Notice that as taxes entered into the equation, Company A’s value fell by 28% (from $1000 to $ 719), while Company B’s value fell by 44% (from $2000 to $1124) illustrating how capital gains taxes affect growth and non-growth or “value” oriented companies differently. In other words, growth stocks are more severely affected (positively and negatively) by changes in capital gains tax policies as their cash flows are “back end” loaded.

Because changes in tax policy have such a dramatic effect on company valuations, market actors vigilantly analyze the likelihood of changes in tax policies and act accordingly. With respect to Obama, he has been very clear that he intends to increase taxes on capital gains and dividends from their current level of 15%. The exact level he seeks is unclear, but in past discussions he has indicated he will seek rates between 28% and 39%. Clearly, a President Obama will bring higher taxes and lower market valuations. But more specifically, as seen by our examples above, growth oriented stocks will suffer much more than value type stocks if higher capital gains taxes become part of the tax code.

This creates a unique and unbiased barometer of how likely Obama is to win this November, namely the relationship between growth and value stocks. Specifically, the more likely November brings a President Obama, the more growth stocks should under perform value stocks. The reason for this is very simple; as an Obama win becomes more likely investors will look to exit from growth stocks, causing them to sell-off and under perform stocks less affected by such tax increase. With the billions of dollars stake, investors have tremendous incentives to properly analyze and get to the right answer, unlike TV talking heads that inject their emotions, about who will win this coming November.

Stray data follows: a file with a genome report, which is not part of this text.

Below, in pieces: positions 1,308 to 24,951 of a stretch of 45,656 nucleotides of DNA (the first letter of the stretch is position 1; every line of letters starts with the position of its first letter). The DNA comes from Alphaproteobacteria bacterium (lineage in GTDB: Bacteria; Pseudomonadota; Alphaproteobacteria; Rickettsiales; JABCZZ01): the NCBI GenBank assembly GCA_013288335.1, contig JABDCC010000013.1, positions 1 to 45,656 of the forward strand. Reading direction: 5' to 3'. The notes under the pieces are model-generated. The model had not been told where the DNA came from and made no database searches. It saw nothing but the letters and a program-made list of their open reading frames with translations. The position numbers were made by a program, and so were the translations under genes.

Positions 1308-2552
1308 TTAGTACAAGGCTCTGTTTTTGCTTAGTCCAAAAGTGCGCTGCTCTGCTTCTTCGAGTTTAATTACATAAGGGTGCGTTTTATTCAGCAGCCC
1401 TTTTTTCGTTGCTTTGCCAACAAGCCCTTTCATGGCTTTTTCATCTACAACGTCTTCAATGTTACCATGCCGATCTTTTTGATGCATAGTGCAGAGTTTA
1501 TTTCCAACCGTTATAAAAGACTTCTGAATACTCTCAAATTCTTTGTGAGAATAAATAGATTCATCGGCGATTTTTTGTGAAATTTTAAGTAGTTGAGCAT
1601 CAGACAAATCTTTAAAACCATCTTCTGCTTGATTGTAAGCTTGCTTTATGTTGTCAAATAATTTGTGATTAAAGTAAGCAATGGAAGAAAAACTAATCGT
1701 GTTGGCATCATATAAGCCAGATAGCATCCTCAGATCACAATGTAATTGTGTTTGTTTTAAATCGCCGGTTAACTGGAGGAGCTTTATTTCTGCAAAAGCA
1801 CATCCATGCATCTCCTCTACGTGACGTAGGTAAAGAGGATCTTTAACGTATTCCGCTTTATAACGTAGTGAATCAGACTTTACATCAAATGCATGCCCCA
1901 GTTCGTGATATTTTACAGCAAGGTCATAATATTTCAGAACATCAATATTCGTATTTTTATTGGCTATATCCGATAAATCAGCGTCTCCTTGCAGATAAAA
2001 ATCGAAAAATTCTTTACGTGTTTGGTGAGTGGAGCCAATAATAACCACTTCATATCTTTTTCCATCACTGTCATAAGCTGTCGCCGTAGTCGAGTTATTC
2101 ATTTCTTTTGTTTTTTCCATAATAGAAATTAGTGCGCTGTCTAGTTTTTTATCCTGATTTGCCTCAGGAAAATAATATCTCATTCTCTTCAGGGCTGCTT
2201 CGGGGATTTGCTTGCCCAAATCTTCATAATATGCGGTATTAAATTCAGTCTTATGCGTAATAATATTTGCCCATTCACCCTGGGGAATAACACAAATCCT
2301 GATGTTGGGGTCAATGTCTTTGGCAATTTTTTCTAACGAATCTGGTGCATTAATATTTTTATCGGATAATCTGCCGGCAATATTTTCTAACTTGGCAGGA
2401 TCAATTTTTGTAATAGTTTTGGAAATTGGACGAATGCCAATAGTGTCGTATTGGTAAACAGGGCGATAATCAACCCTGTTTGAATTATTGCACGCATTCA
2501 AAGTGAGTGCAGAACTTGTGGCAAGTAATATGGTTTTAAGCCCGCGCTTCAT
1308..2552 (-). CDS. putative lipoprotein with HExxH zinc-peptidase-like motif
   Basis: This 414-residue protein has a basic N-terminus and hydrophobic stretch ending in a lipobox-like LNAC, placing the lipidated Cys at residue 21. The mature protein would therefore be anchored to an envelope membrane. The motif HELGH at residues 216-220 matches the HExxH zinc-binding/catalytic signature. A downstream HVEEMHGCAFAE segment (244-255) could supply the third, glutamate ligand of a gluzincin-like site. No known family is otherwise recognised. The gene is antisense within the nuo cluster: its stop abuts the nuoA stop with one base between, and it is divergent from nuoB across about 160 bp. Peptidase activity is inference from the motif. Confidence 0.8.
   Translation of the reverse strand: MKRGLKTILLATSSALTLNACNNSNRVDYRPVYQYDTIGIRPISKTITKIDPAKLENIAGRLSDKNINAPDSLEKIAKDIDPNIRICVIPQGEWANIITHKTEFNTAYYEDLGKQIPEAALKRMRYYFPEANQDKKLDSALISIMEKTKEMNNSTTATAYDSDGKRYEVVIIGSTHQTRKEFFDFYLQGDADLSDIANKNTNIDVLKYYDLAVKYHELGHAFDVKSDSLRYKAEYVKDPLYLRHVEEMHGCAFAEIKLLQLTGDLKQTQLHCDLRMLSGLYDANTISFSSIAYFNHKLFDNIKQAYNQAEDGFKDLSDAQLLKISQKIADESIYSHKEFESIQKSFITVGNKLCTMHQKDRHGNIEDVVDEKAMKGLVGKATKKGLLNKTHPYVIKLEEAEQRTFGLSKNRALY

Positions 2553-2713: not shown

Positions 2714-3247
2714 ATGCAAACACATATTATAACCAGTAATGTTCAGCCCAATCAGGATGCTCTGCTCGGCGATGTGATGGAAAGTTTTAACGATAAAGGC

So what is the market saying? Through August 5, 2008, growth stocks are outperfoming value stocks as evidenced by the spreads between the mega cap value and growth stock ETFs tracked by Vanguard. Particularly interesting, value stocks tended to do as well or outperform the growth stocks through April. However, as it became likely that Obama would secure the nomination, growth stocks have significantly outperformed value stocks, indicating an Obama victory is unlikely. I cannot help but think that Hillary was indeed the stronger general election candidate.

Given the billions at stake, understanding how the market votes with its dollars everyday is likely to provide a more insightful glimpse to the election’s outcome than main street media pundit predictions or daily tracking polls. While much can and likely will happen between now and November to change things, today the market is clearly and confidently betting that Obama’s act is not yet ready for prime time.

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12 Responses to “Obama Victory Unlikely, Says Mr. Market”

  1. Mike Harmon Says:

    Great Blog post. I am going to bookmark and read more often. I love the Blog template if you need any assistance customizing it let me know!

  2. Don Landers Says:

    I hope you are right. Our economy will be a disaster under Obama. Our deficit will skyrocket, our dollar will plunge. People think gas is expensive now. Ha! How about workers who think too many jobs have been moved offshore already? Try Obama’s tax plan out and watch the exodus of business from America. Wake up people!!!